Another perspective on Iraqi ‘freedom’
Dear Editor:The Dec. 13 “Purple fingers for freedom” letter does not address the concerns of the Iraqi people. It trivializes their suffering, deaths, loss of homes and businesses due to the U.S.-led “shock and awe” invasion and continued occupation of their country. They only voted in the last two elections because the platforms promised security and the withdrawal of multinational forces. What Iraqi people want was reported by the Oct. 22, 2005, Washington Post article, “Week of Milestones Fails to Reassure Frustrated Iraqis.” They most want improvement in the conditions of daily life which includes security, electricity and clean water – not elections or Saddam’s trial. Kidnappings, assassinations, bombings and robberies are so common, many people are afraid to leave their homes. Many have fled the country. Violent incidents have increased from 150 per week to 700 in the last year. Electricity and water are less than pre-invasion levels, and both systems are in shambles after 32 months of U.S. occupation. Only about $9 billion of the $226.4 billion spent so far on Iraq has gone to Iraq reconstruction, with most of that being spent on security, insurance and projects not completed or not put on line.Unemployment is about 60 percent. Gasoline production is below pre-invasion levels, and lines for gasoline stretch for miles. Approximately 8 percent of Iraq’s children are suffering from acute malnutrition, while others die from lack of clean water, suicide bombings, U.S. gunfire or U.S. airstrikes.Although glad Saddam is gone, some long for life under him when there was security, no car bombing and no insurgency. U.S. presence has created and swollen the resistance (insurgency). The Iraqis view Iraq senior government officers as corrupt and as “carpetbaggers” who came to enrich themselves and live in secure compounds or outside Iraq. Last month, former U.S.-appointed Iraq Prime Minister Ayad Allawi said, “People are doing the same as Saddam’s time and worse.” He was referring to Shiite death squads and secret torture centers. Between 60-80 percent of Iraqis strongly oppose the presence of U.S. troops. Yanar Mohammad, director of the Organization of Women’s Freedom in Iraq, said that the former Iraq laws were the most progressive for women in the region. The recently approved Iraq constitution places women’s rights in marriage, divorce, custody and access to education and work in the hands of males per Islamic law. It is a negative for women. Democracy stands for by the people, for the people with a system of accountability. I do not see that happening in Iraq nor here.Cathleen KraheMissouri Heights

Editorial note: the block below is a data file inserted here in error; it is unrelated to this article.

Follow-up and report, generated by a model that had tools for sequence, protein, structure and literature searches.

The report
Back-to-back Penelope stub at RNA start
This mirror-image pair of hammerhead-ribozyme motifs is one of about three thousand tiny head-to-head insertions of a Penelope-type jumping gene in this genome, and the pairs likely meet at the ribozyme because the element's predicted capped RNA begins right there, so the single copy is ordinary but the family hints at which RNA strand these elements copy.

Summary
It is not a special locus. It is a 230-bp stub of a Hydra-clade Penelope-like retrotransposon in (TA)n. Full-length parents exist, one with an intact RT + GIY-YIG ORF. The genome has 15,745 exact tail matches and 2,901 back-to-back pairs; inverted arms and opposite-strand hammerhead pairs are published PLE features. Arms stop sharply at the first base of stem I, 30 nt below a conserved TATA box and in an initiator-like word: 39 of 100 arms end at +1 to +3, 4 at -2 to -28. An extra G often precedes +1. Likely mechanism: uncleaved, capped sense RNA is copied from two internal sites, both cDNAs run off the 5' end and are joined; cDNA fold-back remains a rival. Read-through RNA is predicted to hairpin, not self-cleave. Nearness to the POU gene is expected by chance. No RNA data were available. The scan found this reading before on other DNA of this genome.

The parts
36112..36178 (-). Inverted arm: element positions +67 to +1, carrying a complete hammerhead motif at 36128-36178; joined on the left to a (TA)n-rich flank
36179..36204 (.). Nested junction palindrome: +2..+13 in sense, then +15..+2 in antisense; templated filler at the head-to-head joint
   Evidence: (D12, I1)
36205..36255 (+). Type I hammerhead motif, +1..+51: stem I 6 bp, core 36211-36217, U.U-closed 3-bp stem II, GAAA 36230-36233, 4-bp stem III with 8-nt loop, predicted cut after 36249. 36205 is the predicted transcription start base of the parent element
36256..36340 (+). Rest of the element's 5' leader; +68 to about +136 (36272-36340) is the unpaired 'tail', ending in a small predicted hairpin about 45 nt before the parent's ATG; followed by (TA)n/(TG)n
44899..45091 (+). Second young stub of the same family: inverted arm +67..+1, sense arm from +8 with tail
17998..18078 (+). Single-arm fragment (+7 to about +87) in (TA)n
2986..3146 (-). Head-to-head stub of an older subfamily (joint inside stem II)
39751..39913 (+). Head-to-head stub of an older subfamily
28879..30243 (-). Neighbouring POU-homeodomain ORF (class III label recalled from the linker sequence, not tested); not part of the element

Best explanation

Start a dialogue, stay on topic and be civil.
If you don't follow the rules, your comment may be deleted.